6. Metro is the dark side of Windows 8 on a desktop. I’ve been using Win 8 for a few days now on my laptop, I use it for web development. It took me a few hours of frustration to adjust to the new UI, keyboard shortcuts and mouse gestures. I like it now, it seems Win 8 has better performance over 7, works well on my 4yrs old laptop. I still avoid going into the start screen or launching metro apps, it breaks desktop workflow. I wonder how less computer literate people will receive it, I think Win 8 is less intuitive and more confusing compared to Win 7 because of the UI and a mix of desktop and Metro, takes time to adjust to it.

  7. For simple applications and on tablets I definitely see the benefits.

    But for real work like: writing content, designing, making webpages, doing a billion things at once, programming, etc. you’re not going to use touch. Multitasking is a pain in the Modern UI (try doing 3 things at once) with it’s switching workflow. As a developer the OS as meant for PC’s makes me facepalm.

    Besides have you ever enjoyed lifting up your hands all day to get your greasy fingers touching the screen to make time wasting gestures while you have a pixel precise mouse near your hand?.

    First thing I’m going to do on my windows 8 installation is make it automatically switch to the desktop, and add a regular start menu (the one where you don’t have to move your mouse across the entire screen). I do enjoy just typing the search terms and pressing enter to launch but this takes more time and battery power than in windows 7 because of the shiny interface.

  8. “I’m unfriending unattractive people on Facebook because their pictures are uglying up my People tile”

  9. It seems like the the theme of this article is ‘new, for the sake of new, is good’. That’s great if you are selling operating systems or trying to figure out how to get into the consumers pocketbook for yet another piece of hardware. If you have to work computers for a living, it really sucks.

    • That wasn’t intended to be the theme at all. The point was that new is coming, like it or not, and Windows 8 is a positive step in the right direction.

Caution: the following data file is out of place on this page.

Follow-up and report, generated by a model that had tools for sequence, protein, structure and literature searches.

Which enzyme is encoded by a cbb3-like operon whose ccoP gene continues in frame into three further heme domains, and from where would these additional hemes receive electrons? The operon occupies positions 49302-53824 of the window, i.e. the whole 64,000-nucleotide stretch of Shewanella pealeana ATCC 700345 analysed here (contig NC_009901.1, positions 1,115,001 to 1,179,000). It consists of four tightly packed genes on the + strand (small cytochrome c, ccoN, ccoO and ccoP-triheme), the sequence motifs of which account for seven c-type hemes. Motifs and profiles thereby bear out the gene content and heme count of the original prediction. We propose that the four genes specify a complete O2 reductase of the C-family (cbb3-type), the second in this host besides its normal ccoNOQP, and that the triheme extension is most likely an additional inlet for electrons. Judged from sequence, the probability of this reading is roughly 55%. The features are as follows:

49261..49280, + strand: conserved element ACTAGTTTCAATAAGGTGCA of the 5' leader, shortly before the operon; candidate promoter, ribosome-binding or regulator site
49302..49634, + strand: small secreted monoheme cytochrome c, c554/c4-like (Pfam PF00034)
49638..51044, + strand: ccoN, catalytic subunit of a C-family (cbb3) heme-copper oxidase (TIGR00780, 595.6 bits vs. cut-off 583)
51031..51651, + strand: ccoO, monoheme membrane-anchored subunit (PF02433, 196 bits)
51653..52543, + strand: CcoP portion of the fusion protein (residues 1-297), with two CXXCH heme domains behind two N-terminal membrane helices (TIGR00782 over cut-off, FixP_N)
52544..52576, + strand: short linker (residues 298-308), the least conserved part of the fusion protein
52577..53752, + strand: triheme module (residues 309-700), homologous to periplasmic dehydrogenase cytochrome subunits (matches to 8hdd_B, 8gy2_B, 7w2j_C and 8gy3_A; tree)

10. I am using RTM too. And used Windows 8 for all this year and I love it. I dunno why, but this chrome-free squares are mine. It is great OS, and Modern UI is colorful but I miss XNA in Modern UI.

  11. I hate the idea of every app being full screen. I just don’t work that way.

  12. Win8 does not do a very good job of supporting current desktop users and will only frustate and annoy the millions of desktop users out there. Every business is filled with Windows based desktops and they will get the clear picture: Windows 8 is another loser best to be avoided. Besides the already very negative press, any actual hands-on experience is guaranteed to re-enforce that. Then they will look at all the shiny tablets and phones and remember Win8 is best to be avoided and will pick Google/Android or Apple. That’s an epic fail.

  13. David Beahm says:

    No, if you’re a power user you start 90% of your apps with 3 or less keystrokes, never taking your fingers from the keyboard. At some point people forgot that mousing around is primarily intended for selecting between subtly distinct values (dragging, sliders, etc.), while keystrokes and commands are primarily for efficiently operating discrete actions — like starting a program I use EVERY DAY. People who watch me don’t even know what I’ve done — they just see it happen and think it’s AMAZING I got a computer to do what I want without taking my mouse for a walk every few seconds.